Hearts of Mercy - Book Review

Hearts of Mercy

Author: Joan Donaldson
Genre: Romance - Suspense
Date Published: June 28, 2018
ISBN-10: 9781684330911
ISBN-13: 9781684330911

GoodReads Rating:

Book Review of :  Hearts of Mercy


Lavinia Walker, Viney, had experienced her share of tragedy in her young life. Her mother had died shortly after she was born. Her “daddy“ had abandoned her and her siblings. More recently, her sister’s fiancé had passed away, and her fiancé had broken off their engagement and moved away.

When Viney entered the parlor of the boardinghouse where her sister lived, a white-haired bearded man sat beside Lizzy. “Viney, meet our daddy.”

The old man had reentered his children’s lives with a simple request - to get to know them. He was in failing health and one of the sisters needed to temporarily move into his cabin in the Smokey Mountains. Viney had never forgiven that man and certainly wasn’t going to call him daddy.

Leaving her farm in the Cumberland Mountains, near the progressive town of Rugby, Viney couldn’t help but be impressed with the rolling ridges of the Smokies. Meeting her Uncle Abe and his family revealed that things might not be as serene as they first seemed in Wears Cove.

An unexpected attraction to her cousin, James, set in action a series of events that could very well bring danger to the quiet little cabin in the cove. As her father’s health waned and her feelings for James deepened, Viney had to face one threat after another from a dangerous clan known as the White Caps.

Author Joan Donaldson follows-up her first novel of historical fiction, On Viney’s Mountain, with a rousing tale of nineteenth-century life in the Tennessee Mountains. Hearts of Mercy continues the story of the unlikely heroine based on the life of Dicey Fletcher. Viney has grown into a strong woman who is still in search of her happy ending. How much tragedy must she go through before she finds true love?

Donaldson brings to light a dark part of American History when the White Caps ruled Sevier County, Tennessee. The supremacy group that disciplined women was comprised mostly of men who had fought in the Civil War some two decades earlier. Viney was an outsider to the community. Would she be able to spearhead an effort to stop the White Caps and bring justice and peace to the women of the cove?

Hearts of Mercy is the perfect book to cuddle up with on a rainy day. You will keep turning the pages; this is a well-written story that is an easy read. Well worth your time.

About Joan Donaldson


At age six, I wrote my first poem and in fourth grade, I bound my first collection of stories, plays, and poems. I consider any conflict, large or small, as a potential story. Because most of my books are based on true incidents, my characters such as in On Viney’s Mountain are gathered from historical records. Other times, family stories inspire a book, like in The Secret of the Red Shoes. I also love to name characters after my friends, as a way to honor them. While I try and write an hour almost every day, working on our organic blueberry farm with my husband, John, tending and preserving a large garden, making goat cheese and other homestead duties absorb much of my time. In the evenings, I play Scottish fiddle tunes on my folk harp, work on quilts and read, preferably with a cat on my lap. For many years, I have tutored or served as a mentor for students in our local elementary school.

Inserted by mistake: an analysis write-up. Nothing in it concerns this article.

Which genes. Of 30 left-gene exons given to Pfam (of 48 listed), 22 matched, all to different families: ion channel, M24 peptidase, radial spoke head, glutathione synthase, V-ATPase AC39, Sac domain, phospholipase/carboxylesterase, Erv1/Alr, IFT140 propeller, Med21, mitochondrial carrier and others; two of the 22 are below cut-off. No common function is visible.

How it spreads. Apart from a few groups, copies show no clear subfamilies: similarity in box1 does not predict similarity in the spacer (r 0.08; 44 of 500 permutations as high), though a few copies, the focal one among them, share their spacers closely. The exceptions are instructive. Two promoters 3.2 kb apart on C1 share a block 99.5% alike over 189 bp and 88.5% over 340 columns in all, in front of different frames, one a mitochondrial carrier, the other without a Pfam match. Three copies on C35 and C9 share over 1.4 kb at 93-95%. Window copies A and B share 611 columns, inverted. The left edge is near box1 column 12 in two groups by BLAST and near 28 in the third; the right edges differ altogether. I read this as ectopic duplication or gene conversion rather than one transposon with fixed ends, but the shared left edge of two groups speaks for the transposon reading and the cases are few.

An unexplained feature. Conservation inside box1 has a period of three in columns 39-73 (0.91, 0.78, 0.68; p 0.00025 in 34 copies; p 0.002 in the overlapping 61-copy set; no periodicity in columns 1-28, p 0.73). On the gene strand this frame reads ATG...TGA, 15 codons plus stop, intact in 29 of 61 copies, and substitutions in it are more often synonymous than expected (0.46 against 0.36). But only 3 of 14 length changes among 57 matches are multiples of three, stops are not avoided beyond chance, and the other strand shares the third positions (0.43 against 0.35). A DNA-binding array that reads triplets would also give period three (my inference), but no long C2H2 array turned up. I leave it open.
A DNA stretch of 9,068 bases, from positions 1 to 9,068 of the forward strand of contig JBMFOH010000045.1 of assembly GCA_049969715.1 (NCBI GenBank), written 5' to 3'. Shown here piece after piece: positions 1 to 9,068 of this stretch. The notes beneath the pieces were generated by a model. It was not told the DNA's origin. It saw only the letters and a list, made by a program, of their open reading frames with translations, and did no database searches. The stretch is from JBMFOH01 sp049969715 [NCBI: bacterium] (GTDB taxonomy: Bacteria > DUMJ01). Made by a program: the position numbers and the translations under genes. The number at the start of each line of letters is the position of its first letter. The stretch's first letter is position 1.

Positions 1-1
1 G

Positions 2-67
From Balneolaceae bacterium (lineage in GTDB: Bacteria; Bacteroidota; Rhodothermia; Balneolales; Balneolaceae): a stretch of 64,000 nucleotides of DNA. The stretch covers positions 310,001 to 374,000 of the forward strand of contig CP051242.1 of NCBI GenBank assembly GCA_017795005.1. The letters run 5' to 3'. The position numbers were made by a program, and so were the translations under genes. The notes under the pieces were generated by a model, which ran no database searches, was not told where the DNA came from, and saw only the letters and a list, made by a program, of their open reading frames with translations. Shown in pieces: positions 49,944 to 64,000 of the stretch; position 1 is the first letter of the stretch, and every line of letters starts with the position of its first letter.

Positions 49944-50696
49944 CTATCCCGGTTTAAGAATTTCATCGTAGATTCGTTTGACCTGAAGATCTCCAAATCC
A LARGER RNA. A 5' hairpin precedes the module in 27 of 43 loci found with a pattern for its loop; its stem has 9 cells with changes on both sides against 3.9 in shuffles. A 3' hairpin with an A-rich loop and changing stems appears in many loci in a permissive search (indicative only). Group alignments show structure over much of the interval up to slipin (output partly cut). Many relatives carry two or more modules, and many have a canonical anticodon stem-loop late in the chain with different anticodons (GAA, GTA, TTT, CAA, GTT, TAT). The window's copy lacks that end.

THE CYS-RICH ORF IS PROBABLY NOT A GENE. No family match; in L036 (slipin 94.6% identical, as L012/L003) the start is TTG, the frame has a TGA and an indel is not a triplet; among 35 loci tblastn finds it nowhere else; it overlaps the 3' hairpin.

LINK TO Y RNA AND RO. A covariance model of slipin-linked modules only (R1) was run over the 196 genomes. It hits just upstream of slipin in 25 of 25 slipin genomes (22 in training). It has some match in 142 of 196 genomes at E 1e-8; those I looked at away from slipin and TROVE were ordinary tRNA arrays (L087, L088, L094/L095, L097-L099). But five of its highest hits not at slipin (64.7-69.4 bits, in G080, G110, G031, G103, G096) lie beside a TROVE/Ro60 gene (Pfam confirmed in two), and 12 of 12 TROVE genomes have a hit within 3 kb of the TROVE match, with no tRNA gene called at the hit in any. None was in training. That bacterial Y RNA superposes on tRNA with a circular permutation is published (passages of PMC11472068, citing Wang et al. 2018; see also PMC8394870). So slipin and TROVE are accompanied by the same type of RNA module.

On the professional side of life, in 2008, Spalding University awarded me a Master in Fine Arts in Creative Writing with a concentration in Creative Nonfiction. I earned my undergraduate degree in geology from Hope College. My latest novel, On Viney’s Mountain, won the 2010 Friends of American Writers Award for Outstanding Young Adult Novel, represented the State of Tennessee at the 2010 National Book Festival and appeared on the Bank Street List of the Best Books of 2010. In 2007, my essay Saint George and the Dragon, won the Hearst Prize for Excellence in Literary Nonfiction at the Mayborn Literary Nonfiction Conference.

In addition, my essays have appeared in, The Christian Science Monitor, Michigan History, Farm and Ranch Living, Victoria, Mary Jane’s Farm, Ideals, and Rosebud Magazines, plus the anthologies, Home in the Garden, and Home for Christmas. Each year, I write and record features about our farm for the local NPR affiliate, WMUK, and this year, I also read one of my narratives on Michigan Public Radio. For the past seven years, I have served on the workshop faculty at the Mayborn Literary Nonfiction Conference, and am also a former board member for SCBWI-MI chapter.

Visit http://www.joandonaldson.com for more information on Joan Donaldson


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